“I think a lot of people think that environmental advocates take fashion too seriously… We’re seen as some sort of moral police and people feel guilt-tripped, but the truth is that I don’t care what you buy or who you buy from. As long as you know that there is an issue, that’s half the job done. It’s also not that I personally don’t like the industry. In fact, I care because I like it very much. I just want a different system and to reimagine other possibilities so that future generations can enjoy fashion the way we do now.”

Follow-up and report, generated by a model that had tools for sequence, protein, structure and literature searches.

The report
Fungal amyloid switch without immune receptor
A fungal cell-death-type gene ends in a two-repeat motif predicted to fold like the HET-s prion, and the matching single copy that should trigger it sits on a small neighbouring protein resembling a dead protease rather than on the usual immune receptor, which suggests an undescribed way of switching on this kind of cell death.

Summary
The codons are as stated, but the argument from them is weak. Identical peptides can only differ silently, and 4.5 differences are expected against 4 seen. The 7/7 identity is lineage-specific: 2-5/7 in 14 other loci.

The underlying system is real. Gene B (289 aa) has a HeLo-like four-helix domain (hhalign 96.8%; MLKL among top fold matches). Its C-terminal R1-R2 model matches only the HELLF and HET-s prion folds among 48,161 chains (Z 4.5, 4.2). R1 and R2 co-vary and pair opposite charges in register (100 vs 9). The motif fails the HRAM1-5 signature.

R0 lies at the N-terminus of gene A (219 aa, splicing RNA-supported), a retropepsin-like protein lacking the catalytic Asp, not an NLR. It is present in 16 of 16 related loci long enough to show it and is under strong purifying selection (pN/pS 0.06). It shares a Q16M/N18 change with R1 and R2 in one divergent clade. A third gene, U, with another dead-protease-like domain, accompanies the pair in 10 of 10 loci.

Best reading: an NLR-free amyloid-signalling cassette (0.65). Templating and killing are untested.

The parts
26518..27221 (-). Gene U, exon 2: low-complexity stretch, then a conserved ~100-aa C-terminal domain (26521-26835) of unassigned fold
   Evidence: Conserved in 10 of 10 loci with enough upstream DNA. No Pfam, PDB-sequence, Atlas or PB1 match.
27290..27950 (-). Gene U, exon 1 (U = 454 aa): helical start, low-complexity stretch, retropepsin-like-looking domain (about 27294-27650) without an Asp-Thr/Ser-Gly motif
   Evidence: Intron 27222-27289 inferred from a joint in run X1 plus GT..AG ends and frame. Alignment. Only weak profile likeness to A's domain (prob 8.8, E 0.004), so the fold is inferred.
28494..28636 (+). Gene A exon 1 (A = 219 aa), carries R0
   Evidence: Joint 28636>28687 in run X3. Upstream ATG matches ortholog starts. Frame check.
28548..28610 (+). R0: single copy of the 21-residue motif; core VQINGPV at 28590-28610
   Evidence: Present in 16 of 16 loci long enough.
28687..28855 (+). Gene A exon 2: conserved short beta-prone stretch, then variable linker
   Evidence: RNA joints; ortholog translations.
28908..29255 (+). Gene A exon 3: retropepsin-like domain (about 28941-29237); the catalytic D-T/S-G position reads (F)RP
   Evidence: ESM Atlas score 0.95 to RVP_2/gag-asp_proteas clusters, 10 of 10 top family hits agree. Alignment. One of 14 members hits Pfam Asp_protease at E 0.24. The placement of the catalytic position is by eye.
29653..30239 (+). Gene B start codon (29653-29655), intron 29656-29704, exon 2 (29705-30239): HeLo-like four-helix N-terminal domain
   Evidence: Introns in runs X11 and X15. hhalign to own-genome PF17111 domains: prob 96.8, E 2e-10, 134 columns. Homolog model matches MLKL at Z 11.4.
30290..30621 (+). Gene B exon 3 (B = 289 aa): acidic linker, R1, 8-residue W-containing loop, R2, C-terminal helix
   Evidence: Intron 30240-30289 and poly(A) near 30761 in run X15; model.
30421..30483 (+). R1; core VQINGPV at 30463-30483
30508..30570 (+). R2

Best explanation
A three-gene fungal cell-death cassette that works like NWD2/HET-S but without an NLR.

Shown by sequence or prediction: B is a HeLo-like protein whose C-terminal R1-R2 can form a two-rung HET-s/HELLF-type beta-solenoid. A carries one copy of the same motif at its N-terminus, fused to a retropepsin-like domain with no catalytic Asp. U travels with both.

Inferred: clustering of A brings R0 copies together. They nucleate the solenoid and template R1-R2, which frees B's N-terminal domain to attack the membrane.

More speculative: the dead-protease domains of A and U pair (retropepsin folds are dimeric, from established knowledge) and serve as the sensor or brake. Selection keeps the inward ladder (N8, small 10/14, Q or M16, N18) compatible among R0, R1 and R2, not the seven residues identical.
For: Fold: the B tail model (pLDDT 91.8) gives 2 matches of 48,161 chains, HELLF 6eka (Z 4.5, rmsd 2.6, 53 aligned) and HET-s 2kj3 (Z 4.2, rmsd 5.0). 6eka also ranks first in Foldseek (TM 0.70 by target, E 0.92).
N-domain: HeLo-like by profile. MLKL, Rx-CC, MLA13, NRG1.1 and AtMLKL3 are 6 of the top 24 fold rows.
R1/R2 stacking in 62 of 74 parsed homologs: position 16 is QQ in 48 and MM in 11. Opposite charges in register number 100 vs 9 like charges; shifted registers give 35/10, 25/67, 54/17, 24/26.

“Changing the way fashion’s supply chain works is a really big thing for consumers to take on. If we were to draw a parallel to the food industry, the most we as consumers can do is to read labels – in fashion, it means seeing where a product was manufactured and what materials it’s made with. And if you’re a really conscious consumer, you do your own research and see what your own priorities are. Right now, I would say that most people would not have the capacity to care about the whole fashion ecosystem and a good way to start would be to try and focus on a particular area within the overarching umbrella of sustainability. For example, try asking yourself if you are very concerned about the environment in the first place and why you are intending to become more sustainable, then expand from there. It can get very overwhelming and depressing when you try to take in too much information at once.”